eba 3BREXIT will also take it’s toll on the banking industry and it’s supervising body

by Dmitry Leus

There are bigger issues at stake than who should pay for the relocation of the European Banking Authority.

It has been reported in recent days that the European Parliament’s committee on financial affairs believes that the UK should pay for the costs of the relocation of the European Banking Authority (EBA) after the country leaves the EU, writes Dmitry Leus.

Indeed Michel Barnier, the EU’s chief negotiator on Brexit,  has said the UK should “fully cover” the costs of all agencies being moved, including the EBA and also the European Medicines Agency (EMA).  One of the vice-presidents of the committee, German conservative Markus Ferber , has been quoted as saying: “Without Brexit there would not be any need to relocate the EBA and hence the UK has to settle the bill,”.

Of course we do not know what exactly any relocation costs will be.  But surely they will be a minor proportion of the overall costs associated with Brexit.  It seems something of a distraction to get caught up in a debate about these specific costs.

From a banking perspective, a much bigger priority seems the issue of “passporting”.  There is an EU rule that allows a bank to locate a fully regulated entity on one EU member state and operate across other states without the need for additional local regulation in the other countries.  This is commonly called “passporting”.

This practice allowed London to be very much the financial hub for the rest of Europe.  Indeed, a large proportion of Europe’s hedging, foreign exchange, lending and securities transaction have taken place in London.  The big challenge facing banks is how to manage the future of their European business once London is no longer a part of the EU.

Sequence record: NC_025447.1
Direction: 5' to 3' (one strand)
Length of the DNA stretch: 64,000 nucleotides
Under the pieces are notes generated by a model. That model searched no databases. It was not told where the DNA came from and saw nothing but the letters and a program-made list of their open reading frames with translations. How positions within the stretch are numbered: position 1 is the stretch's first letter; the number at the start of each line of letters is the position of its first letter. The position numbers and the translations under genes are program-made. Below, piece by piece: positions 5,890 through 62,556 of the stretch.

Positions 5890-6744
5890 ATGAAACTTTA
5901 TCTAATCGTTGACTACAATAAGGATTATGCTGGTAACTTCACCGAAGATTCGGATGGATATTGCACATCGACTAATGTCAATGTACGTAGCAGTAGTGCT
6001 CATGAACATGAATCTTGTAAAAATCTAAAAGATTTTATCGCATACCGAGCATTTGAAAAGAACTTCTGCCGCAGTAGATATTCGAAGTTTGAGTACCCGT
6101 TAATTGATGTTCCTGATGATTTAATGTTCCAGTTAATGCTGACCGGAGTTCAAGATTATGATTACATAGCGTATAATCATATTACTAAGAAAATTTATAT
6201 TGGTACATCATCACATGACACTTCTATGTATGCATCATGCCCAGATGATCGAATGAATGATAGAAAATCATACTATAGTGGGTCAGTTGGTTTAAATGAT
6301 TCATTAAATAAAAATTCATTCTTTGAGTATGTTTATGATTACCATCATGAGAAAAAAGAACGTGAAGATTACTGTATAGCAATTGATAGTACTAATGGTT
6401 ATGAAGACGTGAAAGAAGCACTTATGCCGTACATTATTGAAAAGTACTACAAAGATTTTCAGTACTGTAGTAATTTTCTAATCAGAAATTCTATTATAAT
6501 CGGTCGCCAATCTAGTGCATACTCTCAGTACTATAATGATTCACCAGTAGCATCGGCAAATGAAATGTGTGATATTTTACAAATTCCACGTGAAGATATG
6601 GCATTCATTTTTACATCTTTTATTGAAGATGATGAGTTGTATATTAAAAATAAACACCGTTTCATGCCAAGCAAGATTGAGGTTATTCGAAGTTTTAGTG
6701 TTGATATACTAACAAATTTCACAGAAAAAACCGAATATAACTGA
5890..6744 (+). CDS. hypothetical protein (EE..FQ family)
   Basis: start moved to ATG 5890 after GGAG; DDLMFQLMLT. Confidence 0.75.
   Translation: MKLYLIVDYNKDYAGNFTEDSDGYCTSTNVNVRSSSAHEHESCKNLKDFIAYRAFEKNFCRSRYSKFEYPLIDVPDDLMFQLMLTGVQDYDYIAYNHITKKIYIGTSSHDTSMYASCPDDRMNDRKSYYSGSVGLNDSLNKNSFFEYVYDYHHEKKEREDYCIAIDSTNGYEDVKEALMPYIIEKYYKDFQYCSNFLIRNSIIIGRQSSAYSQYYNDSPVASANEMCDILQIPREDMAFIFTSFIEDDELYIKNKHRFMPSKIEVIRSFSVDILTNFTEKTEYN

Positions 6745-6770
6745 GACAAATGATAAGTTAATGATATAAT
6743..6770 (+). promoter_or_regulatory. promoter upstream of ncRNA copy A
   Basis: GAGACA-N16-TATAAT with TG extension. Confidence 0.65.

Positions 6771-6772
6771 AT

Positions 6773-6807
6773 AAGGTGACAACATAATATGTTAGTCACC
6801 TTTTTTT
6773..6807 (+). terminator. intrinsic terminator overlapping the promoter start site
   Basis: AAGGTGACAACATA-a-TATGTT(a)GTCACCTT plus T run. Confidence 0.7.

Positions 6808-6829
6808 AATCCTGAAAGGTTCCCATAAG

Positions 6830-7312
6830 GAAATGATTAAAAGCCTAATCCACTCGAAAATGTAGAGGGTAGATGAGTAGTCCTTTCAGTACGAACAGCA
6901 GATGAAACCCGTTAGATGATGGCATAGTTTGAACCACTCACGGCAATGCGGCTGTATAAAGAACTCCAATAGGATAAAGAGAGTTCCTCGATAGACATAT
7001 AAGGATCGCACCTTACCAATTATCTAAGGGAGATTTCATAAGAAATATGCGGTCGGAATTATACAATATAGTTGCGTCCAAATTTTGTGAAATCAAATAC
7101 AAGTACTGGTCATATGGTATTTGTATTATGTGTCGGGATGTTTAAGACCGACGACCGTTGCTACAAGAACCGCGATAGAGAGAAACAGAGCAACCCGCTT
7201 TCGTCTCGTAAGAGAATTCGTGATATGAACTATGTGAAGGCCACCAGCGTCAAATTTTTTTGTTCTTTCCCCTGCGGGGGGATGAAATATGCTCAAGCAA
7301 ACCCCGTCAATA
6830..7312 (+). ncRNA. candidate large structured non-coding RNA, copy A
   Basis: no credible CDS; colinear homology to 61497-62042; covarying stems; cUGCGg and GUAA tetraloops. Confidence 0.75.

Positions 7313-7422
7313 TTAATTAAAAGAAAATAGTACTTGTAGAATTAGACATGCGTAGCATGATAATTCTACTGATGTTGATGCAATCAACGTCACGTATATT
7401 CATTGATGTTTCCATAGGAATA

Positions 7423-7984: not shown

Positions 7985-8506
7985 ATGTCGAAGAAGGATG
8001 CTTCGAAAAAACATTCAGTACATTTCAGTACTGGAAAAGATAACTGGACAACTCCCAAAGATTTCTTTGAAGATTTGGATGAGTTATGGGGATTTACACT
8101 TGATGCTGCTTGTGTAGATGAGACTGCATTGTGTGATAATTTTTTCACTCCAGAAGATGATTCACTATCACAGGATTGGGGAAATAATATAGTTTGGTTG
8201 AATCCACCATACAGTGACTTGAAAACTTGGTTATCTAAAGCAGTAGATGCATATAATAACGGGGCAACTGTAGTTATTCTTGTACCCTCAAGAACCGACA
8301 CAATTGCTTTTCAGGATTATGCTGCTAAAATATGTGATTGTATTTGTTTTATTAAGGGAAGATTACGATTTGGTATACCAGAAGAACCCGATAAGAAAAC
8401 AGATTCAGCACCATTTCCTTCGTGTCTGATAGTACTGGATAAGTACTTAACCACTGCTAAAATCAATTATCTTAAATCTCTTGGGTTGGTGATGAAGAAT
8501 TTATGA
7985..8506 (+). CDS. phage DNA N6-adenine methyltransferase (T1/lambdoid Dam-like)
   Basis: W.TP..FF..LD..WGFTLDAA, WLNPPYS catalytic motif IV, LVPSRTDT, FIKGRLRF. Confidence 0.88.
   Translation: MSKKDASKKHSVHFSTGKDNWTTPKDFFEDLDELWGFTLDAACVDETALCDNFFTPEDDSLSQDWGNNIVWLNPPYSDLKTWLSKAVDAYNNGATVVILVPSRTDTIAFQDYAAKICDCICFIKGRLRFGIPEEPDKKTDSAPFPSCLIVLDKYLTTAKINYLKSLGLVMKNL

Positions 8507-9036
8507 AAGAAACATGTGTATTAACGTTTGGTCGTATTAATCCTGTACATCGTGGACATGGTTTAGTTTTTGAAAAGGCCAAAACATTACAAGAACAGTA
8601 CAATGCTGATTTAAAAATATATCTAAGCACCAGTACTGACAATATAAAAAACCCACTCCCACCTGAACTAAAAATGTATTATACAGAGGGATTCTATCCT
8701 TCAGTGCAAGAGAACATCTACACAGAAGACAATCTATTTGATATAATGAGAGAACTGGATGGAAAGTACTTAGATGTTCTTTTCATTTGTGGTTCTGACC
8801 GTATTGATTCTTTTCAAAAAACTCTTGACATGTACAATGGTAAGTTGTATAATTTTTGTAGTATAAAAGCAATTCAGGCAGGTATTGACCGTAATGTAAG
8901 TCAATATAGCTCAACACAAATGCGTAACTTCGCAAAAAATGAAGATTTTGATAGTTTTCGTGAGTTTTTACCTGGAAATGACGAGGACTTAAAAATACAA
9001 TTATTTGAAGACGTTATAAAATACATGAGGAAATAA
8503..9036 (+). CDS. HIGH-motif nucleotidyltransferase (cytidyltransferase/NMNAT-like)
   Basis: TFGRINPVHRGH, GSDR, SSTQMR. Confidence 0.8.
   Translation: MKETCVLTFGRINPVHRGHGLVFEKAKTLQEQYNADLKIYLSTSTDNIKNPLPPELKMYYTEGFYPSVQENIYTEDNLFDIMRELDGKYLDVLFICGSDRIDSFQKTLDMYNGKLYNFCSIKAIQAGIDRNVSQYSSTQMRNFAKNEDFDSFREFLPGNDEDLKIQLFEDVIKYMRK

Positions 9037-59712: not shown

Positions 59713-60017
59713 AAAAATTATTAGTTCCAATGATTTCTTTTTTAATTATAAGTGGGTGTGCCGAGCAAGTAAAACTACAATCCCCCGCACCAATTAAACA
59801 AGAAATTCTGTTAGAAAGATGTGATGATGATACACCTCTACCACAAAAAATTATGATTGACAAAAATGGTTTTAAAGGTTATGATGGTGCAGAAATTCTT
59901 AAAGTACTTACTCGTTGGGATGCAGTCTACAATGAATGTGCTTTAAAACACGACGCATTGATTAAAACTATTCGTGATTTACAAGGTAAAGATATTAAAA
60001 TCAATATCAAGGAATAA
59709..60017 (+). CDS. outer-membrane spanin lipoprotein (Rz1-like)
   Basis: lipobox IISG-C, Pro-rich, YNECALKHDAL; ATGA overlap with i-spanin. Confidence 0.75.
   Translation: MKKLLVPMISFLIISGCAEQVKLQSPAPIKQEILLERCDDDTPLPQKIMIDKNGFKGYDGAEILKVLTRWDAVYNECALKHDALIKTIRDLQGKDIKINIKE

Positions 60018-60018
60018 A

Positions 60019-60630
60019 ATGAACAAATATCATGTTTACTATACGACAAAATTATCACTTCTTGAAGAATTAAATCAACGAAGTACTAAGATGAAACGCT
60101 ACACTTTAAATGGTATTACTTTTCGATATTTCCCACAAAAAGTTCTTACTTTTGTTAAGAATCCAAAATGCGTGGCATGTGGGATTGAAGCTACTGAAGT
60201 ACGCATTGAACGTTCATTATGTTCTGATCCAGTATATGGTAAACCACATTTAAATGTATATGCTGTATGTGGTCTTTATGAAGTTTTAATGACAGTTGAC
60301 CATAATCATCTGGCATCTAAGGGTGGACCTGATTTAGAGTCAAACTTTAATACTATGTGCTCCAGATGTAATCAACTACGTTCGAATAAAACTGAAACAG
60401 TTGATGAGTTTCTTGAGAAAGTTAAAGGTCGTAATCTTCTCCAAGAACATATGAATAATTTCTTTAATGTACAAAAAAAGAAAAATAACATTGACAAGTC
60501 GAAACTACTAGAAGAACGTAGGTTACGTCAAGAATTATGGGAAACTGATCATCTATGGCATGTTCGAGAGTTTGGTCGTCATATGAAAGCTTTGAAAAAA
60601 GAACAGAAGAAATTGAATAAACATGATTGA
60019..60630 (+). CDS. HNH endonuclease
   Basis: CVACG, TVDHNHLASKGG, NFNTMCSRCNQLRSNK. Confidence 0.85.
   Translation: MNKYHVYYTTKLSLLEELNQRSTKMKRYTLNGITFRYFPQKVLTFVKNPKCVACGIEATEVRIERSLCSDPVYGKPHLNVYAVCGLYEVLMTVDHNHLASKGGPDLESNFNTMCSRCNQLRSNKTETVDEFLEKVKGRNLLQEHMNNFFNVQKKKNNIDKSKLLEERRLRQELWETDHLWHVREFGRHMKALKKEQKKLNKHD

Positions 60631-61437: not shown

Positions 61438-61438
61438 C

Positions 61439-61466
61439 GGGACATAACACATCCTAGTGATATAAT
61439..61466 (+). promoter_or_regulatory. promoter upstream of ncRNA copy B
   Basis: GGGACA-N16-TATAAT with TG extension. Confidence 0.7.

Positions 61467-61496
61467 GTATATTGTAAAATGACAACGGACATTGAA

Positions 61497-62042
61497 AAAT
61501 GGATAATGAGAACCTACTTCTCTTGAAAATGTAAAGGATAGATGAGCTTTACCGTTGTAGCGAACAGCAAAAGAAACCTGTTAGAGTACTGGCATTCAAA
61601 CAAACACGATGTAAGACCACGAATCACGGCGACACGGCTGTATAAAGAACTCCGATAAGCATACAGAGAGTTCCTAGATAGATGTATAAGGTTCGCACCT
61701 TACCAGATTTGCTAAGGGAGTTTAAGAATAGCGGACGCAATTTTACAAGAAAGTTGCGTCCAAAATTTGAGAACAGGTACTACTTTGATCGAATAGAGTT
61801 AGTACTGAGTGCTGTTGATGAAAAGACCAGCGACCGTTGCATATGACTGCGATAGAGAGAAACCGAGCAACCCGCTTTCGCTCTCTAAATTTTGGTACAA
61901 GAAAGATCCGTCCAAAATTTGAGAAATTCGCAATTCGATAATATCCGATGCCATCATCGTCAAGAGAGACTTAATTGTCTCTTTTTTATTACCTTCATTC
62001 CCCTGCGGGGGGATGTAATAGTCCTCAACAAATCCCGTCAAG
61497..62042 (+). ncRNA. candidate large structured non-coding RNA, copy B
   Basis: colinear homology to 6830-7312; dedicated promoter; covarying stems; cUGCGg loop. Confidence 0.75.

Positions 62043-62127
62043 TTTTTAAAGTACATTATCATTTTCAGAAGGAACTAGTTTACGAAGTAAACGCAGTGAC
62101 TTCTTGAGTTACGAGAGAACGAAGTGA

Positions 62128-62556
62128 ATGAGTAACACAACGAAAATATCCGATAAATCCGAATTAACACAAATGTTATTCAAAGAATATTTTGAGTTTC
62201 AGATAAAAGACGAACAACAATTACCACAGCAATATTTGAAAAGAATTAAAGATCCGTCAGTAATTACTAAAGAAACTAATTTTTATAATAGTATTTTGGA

Regarding this passporting dilemma, one option would be for the UK to remain in the single market by joining the EEA and thereby having a similar status to Iceland, Liechtenstein and Norway.

But would the UK really do this, given that being part of the EEA means accepting free movement as well as the authority of the European Court of Justice, which the UK leadership is against? An alternative to passporting could be equivalence.  This is where cross-border trading is possible due to countries recognising each other’s standards.

Back in the 1990s this occurred between the UK and the USA regarding mutual access to derivatives markets.  Could equivalence be a possible mechanism for the UK post-Brexit?  It is not impossible, given that some EU legislation accepts the principle of equivalence.  But the EU legislation on this is not complete.  Equivalence in commercial banking and primary insurance are not yet covered by EU legislation.  If the equivalence route were to be pursued, the UK would need to have a detailed agreement as a framework for resolving any future disputes as well as what would happen in cases where rules differed between markets.

There is a great deal to resolve and debate.  Who pays for the move of the EBA seems as though it should be low on the list of priorities.

Dmitry Leus is a London-based entrepreneur and banking and financial
services professional.  His previous positions include Chairman of the
Russian Depository Bank.  In 2006 he founded Zapadny Bank, where 
he worked as Chairman until late 2013.

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